Q&A with Adila Laïdi-Hanieh (MAAS '92) - Center for Contemporary Arab Studies | Georgetown University
Image of Adila Laïdi-Hanieh standing in front of large abstract painting

Adila Laïdi-Hanieh is a 1992 graduate of the MAAS program. After graduating, Adila went on to receive her PhD in Cultural Studies from George Mason University. Adila is currently a postdoc fellow at the Arab Council for Social Sciences and lives in Ramallah, Palestine. She is a former student of the Turkish artist, Fahrelnissa Zeid and has recently published a book about her titled, Fahrelnissa Zeid, Painter of Inner Worlds. http://www.artbookspublishing.co.uk/fahrelnissa-zeid/ 

What inspired you to write this book about Fahrelnissa Zeid?

In the last months of my PhD, I was asked to go to the Istanbul Biennial in September 2015 and speak at a panel discussion about Fahrelnissa. They wanted a speaker who had known her and who could speak about her in a scholarly way. Even though I was busy with my dissertation, I thought why not, it’s a small tribute I can offer to Fahrelnissa. In my preparation to speak at the panel, I was shocked to discover most of the writings about her were superficial and orientalist. When I went to the Biennial, I saw her family there and suggested to them that someone should write a serious, scholarly book that reintroduces her for the contemporary reader. I did not think I was going to be that person until I heard the news that the Tate Modern Museum in London was going to do a retrospective about her in June 2017, which would later travel to Berlin and Beirut. I thought that I was the best person to do this well and quickly since I already knew her and her work, and since the book would require access to her private papers.

Can you talk about your experience as her student and how that relationship came to be?

I am indebted to my mother Aïcha Lemsine who gave me this unique opportunity by asking Fahrelnissa to take me on as a student in the early 1980s. For three years, I would go to her home on Wednesday afternoons to paint in her studio, show her the sketches I made the previous week, and generally imbibe her advice, souvenirs, and the dazzling decorative palimpsest of her upstairs salon I was the only teenager among her group of students and I further benefitted from her indulgence when she included two of my painting in her seminal 1981 group exhibition. This book represents the unexpected accomplishment of a project that Fahrelnissa and my mother entertained.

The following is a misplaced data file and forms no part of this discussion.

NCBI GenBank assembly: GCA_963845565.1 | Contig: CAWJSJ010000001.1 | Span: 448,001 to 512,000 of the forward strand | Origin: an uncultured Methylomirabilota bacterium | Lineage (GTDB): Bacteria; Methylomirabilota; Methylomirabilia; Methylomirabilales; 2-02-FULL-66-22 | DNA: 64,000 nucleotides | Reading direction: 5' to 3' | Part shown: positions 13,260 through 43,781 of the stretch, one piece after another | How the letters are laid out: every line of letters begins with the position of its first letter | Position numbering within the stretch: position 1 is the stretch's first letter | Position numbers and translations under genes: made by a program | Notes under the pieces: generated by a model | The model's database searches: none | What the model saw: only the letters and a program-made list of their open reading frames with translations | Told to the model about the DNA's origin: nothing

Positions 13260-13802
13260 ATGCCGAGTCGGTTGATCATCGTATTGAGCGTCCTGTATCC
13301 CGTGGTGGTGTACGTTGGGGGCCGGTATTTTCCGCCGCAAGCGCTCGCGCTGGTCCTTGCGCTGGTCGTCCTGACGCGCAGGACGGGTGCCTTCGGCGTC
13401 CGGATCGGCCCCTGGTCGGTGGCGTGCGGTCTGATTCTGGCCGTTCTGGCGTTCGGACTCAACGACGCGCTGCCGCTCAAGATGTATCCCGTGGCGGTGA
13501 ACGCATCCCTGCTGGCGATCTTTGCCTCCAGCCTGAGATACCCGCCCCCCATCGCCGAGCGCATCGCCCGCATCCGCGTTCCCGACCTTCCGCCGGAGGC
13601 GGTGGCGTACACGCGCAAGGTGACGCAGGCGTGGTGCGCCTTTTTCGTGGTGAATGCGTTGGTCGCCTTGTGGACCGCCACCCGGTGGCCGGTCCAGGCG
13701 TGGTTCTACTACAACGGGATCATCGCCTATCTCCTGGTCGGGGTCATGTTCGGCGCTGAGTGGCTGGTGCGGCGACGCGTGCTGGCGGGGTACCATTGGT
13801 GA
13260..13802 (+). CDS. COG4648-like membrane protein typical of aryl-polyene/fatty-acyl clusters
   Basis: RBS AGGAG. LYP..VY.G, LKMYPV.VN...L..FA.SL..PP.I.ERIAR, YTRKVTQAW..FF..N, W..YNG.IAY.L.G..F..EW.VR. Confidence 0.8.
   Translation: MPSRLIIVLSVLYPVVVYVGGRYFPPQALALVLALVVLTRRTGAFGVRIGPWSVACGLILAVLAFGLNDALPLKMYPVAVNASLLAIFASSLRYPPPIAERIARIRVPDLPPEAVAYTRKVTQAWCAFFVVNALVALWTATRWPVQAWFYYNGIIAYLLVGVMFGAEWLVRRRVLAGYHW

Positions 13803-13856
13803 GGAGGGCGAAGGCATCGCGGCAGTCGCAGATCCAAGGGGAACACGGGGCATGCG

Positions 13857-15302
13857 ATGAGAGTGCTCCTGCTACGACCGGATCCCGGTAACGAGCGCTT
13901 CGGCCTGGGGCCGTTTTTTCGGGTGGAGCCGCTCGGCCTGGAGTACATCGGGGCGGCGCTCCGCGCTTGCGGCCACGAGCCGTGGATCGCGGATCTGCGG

What was the most challenging part of writing this book?

The most challenging part was the daunting mass of the archive. Fahrelnissa’s personal archive is considerable. Tens of thousands of documents covering seven decades, overwhelmingly written in French, as well as sketchbooks, photographs, exhibition catalogues and critics’ reviews. My research involved sifting through her archive, putting it into order, and then conducting historical research into Turkish, Iraqi, British, and French sources to check the facts and to contextualize my findings.

What was the most rewarding?

The most rewarding aspect was the thrill of discovering and unearthing so many new things almost daily about Fahrelnissa and about the history of the different art scenes she worked in. Also, she was such a thoughtful and consistent writer who wrote daily about many aspects of her life, her vision of art, her eclectic readings, and her states of mind. The greatest reward of all is writing a book that does justice to her talent and spirit and rescues her from the orientalist mystification surrounding her for so many decades.

It is important to remember that in addition to her singular merits as a great artist, she was the only prominent female painter in Turkey in the 1940s. The only Middle Eastern artist successfully active in postwar Europe. Probably the first Middle Eastern artist to have a solo exhibition in a commercial gallery in New York (in 1950), and the first woman of any nationality to have a solo exhibition at the Institute for Contemporary Arts in London in 1956. She was also one of the very first Turkish abstract painters, and she contributed to normalizing abstract art in Jordan in the 1980s.

By Rachel Gray

Rachel Gray interned at CCAS as as National Council on U.S.-Arab Relations Fellow in 2017.